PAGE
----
As the race heats up between Republican Governor Rick Snyder and his Democratic challenger, Mark Schauer, it’s worthwhile to ask how much difference the election will make to the Michigan economy. The answer is that, while it will probably make some difference, no governor in any state can bring about sudden and dramatic improvements to the economy. Like it or not, the Michigan economy is greatly affected by events beyond our borders, over which we have little or no control.
It’s useful to review some history. John Engler became governor of Michigan in 1991. The economy was flat in his first year in office, but it gradually picked up speed. Engler’s policies may well have helped, but it also helped that the price of oil was very low in the 1990s. This helped fuel a nationwide manufacturing boom. The boom was great news for the Michigan economy, but it was not due primarily to policies enacted in Michigan.
Engler’s policies did not suddenly change direction in 2000, but the Michigan economy did change direction. The price of oil went up, the stock-market bubble burst, and the national economy slipped into recession. In the last 32 months of Engler’s administration, Michigan lost nearly a quarter of a million jobs. Just as the boom of the 1990s was shaped primarily by events outside Michigan, so was the downturn of the last few years of Engler’s term.
It doesn’t make sense to say that John Engler was a good governor until 2000, and then suddenly became a bad one. Rather, the ebb and flow of the macro-economy is largely due to things over which Engler, like any governor, has little control.
National trends rule
Jennifer Granholm was governor during an extraordinarily difficult time for Michigan’s economy. Michigan manufacturing was flat during the first five years of her administration, and then it collapsed in the Great Recession of 2008-09. But the Great Recession wasn’t caused by policies enacted in Michigan. It was made on Wall Street and in Washington, not in Lansing.
Michigan’s economy finally started growing again in 2010, the last year of the Granholm administration. Granholm’s policies did not suddenly change direction in 2010, but the Michigan economy did.
The rescue of General Motors and Chrysler was especially important to the recovery. If these companies had been allowed to crash and burn, there is a very real possibility that the entire automotive supply chain would have imploded, causing hundreds of thousands of additional job losses in Michigan. Granholm and the Michigan congressional delegation deserve credit for pushing hard for the rescue, but they needed the support of the Obama administration, and they needed to get enough non-Michigan votes to pass both houses of Congress.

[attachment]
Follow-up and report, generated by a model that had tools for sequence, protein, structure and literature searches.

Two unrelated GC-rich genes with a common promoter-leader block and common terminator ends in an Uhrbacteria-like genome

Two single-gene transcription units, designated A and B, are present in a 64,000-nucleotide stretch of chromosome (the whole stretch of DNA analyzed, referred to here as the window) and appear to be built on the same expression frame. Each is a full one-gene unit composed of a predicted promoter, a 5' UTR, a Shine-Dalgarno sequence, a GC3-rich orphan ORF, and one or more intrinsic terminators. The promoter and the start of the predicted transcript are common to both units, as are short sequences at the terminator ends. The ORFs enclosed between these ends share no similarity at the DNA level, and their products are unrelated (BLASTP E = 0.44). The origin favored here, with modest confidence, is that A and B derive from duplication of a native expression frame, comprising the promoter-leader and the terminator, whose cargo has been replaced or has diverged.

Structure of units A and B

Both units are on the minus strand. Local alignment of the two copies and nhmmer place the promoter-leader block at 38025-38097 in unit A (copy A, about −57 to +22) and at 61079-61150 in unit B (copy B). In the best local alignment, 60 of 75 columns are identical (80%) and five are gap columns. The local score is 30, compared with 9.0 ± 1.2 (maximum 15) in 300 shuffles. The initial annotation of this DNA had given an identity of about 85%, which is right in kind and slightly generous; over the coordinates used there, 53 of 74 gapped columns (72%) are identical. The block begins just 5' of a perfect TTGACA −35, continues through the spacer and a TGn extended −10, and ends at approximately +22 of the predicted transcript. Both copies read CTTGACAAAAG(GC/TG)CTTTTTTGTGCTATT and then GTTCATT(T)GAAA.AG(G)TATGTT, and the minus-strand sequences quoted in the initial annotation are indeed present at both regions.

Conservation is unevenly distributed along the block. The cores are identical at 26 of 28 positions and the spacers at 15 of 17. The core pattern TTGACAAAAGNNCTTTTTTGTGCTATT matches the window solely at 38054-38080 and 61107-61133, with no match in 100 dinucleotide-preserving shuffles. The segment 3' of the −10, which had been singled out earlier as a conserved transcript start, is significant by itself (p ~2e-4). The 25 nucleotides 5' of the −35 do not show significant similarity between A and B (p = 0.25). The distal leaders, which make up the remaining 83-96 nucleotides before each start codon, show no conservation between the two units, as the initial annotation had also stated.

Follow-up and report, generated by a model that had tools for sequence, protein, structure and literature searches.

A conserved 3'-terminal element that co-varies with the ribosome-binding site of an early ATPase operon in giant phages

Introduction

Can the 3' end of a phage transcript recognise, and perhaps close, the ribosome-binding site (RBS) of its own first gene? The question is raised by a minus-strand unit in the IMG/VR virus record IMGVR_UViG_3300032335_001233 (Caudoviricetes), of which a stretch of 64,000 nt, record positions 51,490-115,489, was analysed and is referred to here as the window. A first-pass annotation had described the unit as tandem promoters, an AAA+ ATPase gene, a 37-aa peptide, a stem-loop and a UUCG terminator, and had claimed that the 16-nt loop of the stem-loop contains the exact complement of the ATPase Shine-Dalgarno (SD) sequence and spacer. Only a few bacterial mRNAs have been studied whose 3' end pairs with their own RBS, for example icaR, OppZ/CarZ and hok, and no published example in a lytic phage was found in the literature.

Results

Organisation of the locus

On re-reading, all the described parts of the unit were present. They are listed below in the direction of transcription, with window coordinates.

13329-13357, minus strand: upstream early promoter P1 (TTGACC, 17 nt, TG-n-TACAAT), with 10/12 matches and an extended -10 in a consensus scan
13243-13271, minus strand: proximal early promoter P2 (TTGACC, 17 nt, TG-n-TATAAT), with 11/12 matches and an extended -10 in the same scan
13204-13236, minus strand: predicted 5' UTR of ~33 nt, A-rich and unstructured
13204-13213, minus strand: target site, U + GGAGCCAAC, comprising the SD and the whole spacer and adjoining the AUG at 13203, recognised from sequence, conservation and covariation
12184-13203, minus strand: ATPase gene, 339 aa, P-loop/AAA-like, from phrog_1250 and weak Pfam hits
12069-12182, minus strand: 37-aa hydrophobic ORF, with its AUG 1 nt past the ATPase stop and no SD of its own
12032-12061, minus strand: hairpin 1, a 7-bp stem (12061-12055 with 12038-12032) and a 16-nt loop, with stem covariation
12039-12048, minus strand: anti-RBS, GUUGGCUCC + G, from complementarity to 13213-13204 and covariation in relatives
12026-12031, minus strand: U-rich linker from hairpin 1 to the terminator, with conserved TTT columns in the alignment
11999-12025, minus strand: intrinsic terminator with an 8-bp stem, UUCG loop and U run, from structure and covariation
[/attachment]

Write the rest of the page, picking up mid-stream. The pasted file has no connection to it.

This is not to say that Engler and Granholm made no difference. Both did things that helped Michigan’s economy. Proposal A, passed in 1994, dramatically increased funding for public schools in the poorest districts in Michigan. Granholm signed Michigan’s first Earned Income Tax Credit, which has helped huge numbers of Michigan’s neediest families. These are real achievements. As we have seen, however, there are limits to what any governor can do.
The state’s job recovery, led by professional and business services and manufacturing, was well underway when Rick Snyder took office in 2011, and it has continued on his watch. Some of the economic growth may well be due to Snyder’s policies. In my judgment, however, most of it would have happened anyway, because of the strong growth in the national economy and the rebound of the auto sector.
Elimination of the Michigan Business Tax was a centerpiece of Rick Snyder’s campaign for governor. The MBT had some very bad features, and I had advocated getting rid of it years earlier (although I also wanted the lost revenues to be replaced fully, which did not happen). But I never thought that removing the MBT would have a huge effect on overall economic growth. I think there is a good chance that the tax shift has contributed to the economic growth of the last two years, but the effect is probably small.
In addition to the fact that Michigan is dependent on the national economy, it’s also true that policies take time to have an effect. One of my favorites among Snyder’s policies is the expansion of access to early-childhood education. I believe this will make a big difference in the long run, but it won’t bear much fruit for more than a decade.
Mark Schauer and Rick Snyder are similar in some ways—I like both men, I admire them both, and I know that whoever wins will work extremely hard. But I am not saying that it makes no difference whom we elect. There are real policy differences between them, and the people of Michigan need to pay close attention to the differences. But whoever is elected will be governor of a state that is greatly affected by outside events. I hope the national economy doesn’t slip into another recession. But if it does, neither Snyder nor Schauer will be able to keep Michigan from feeling the pain. Moreover, regardless of whether Snyder or Schauer is elected, the winner must deal with a dysfunctional legislature.
I am not saying that governors are irrelevant. But no governor is a magician.